78. Demi van Wijngaarden
  79. Alexander Stewart
  80. Kitty Kathusky
  81. Sydney Simpson
  82. Fiddlerman
  83. Liv Bevan
  84. Break Out The Crazy
  85. Siren Gene
  86. Madu Hisaoka
  87. Jake Davey & Kylie Jane
  88. Steph La Rochelle
  89. Andres Colin & Kindred
  90. Bella River
  91. Mario Spinetti
  92. Fun Factory TV
  93. Evynne Hollens & Peter Hollens
  94. Francesco Parrino
  95. Ethan
  96. Lily Schub
  97. Ellina Styliadou
  98. Yuval Salomon
  99. Denis Kalytovskyi
  100. Camelia Crisan & Titus Homei
  101. Ben Woodward
  102. Ben Platt
  103. Gabriela Toklowicz
  104. Nanda Pratiwy ft. Troy
  105. Alex Kautz
  106. Maria Pina Cavezza ft Claudio
  107. Maíra Amorim
  108. Josh Lewis
  109. Katharina Schwerk & Guillermo Campoy
  110. Justin Capps and The Cavaliers ft. Erin Newman
  111. Yasam Chyne
  112. Lloyd Griffiths
  113. Halyss & Marina Odessa
  114. Šárka Tonarová feat Cory Smallegan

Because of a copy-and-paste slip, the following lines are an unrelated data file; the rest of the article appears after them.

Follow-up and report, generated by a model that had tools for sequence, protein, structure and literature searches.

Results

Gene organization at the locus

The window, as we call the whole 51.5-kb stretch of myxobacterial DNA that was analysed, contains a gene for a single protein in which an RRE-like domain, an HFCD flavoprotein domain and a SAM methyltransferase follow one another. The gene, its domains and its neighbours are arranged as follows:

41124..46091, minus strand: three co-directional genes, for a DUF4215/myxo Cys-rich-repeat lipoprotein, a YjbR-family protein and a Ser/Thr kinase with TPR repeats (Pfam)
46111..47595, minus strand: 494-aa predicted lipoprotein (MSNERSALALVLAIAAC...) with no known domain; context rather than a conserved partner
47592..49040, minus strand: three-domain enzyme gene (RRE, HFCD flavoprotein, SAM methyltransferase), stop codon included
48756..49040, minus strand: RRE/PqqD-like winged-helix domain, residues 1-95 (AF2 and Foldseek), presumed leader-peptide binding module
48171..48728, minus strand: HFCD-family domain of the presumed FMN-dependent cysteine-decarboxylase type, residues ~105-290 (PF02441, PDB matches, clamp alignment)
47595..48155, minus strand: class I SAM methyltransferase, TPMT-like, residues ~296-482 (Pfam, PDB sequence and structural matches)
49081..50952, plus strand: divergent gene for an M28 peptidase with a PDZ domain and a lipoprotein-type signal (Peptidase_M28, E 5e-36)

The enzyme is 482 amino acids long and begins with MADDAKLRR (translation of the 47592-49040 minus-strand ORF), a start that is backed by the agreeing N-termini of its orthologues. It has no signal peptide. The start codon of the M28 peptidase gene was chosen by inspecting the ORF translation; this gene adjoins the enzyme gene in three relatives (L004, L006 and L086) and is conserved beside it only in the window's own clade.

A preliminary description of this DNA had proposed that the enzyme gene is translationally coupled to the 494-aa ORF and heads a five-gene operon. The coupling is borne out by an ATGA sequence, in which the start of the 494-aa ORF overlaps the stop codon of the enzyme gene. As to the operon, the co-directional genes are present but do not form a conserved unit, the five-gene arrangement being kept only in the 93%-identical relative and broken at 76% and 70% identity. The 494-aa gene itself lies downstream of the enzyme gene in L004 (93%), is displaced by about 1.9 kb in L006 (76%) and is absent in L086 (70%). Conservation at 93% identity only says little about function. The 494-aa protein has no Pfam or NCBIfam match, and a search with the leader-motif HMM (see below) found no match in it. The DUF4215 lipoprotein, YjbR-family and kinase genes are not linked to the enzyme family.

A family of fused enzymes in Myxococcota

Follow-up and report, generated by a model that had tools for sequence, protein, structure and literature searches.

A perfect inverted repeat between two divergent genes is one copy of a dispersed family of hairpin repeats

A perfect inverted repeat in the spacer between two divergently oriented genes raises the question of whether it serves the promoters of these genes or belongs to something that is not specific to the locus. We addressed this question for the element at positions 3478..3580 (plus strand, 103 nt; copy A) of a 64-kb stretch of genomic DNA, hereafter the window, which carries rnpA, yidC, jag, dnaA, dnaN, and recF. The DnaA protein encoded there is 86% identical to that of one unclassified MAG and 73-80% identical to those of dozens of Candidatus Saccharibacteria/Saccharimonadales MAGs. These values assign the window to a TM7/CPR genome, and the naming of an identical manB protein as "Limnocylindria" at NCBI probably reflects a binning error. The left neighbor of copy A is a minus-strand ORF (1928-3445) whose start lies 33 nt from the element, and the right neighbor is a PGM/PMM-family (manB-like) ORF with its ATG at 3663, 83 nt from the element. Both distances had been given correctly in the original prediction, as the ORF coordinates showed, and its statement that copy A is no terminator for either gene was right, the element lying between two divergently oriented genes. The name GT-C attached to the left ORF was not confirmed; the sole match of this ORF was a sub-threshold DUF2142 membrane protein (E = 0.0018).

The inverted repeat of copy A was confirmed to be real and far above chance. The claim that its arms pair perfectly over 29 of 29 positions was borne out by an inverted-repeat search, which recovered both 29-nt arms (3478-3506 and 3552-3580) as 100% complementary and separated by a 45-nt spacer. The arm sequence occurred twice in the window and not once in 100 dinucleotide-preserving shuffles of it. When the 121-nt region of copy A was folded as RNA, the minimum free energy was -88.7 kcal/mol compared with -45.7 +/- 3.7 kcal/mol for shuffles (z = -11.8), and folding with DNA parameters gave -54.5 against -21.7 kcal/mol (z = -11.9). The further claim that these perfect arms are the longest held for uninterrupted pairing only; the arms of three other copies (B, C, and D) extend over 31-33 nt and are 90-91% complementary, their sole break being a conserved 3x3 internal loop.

115. Jaune Papillon
  116. Hannah Hobbs
  117. Brooklyn Duo – cello and piano
  118. Zoe Moreton
  119. Axelle Thays
  120. Omar Afuni
  121. Evi Christina, Liset Michel & Silvester Pool
  122. Abby and Sarah
  123. The Lars
  124. Nika Zorjan
  125. Julia Carlile // merseygirls
  126. Jimena Amor y Álvaro Hdez
  127. Emeline
  128. Shelley Mill
  129. Charlee Polidano
  130. Signe goffygang
  131. Logan Alexandra
  132. Amy Astrid
  133. Rei Cover Videos
  134. Jerry & Yuki
  135. Georgia Box
  136. Dani Octa
  137. Morgan Mattheis
  138. Aaron Odell
  139. Luke Moskowitz
  140. Jahne Dreams Jesse Linn
  141. The Oceanic Aria
  142. John Buckley
  143. Danny Rey
  144. Suzanne Samson
  145. Charlotte Hannah
  146. Jon Pumper
  147. Line Gosselin
  148. Trent Bell
  149. Katia
  150. Kfir Ochaion
  151. Gara González
  152. Alec Chambers
  153. Zainab Darong
  154. Sup I’m Bianca
  155. Maximedro
  156. Giselle Rivera
  157. Cecilia Pascal
  158. Cherry Lita
  159. Deborah Ghiddi
  160. Megan Tara
  161. Alexis Pinney
  162. Macià Pallarès Pallarès
  163. Abigail Frances
  164. Chiara Cami
  165. Taylor Duarte
  166. Gary C
  167. Jackie Foster
  168. Beth O’Reilly
  169. BTWN US
  170. Alessandra Patané, Salvatore Alderuccio
  171. Nischal Nepal
  172. Harmonie London
  173. KarLita Dinni Kadiin
  174. Wesley Li
  175. ELISKA + Martin Cisar
  176. Jon G.
  177. Kolton Stewart and Abigail Winter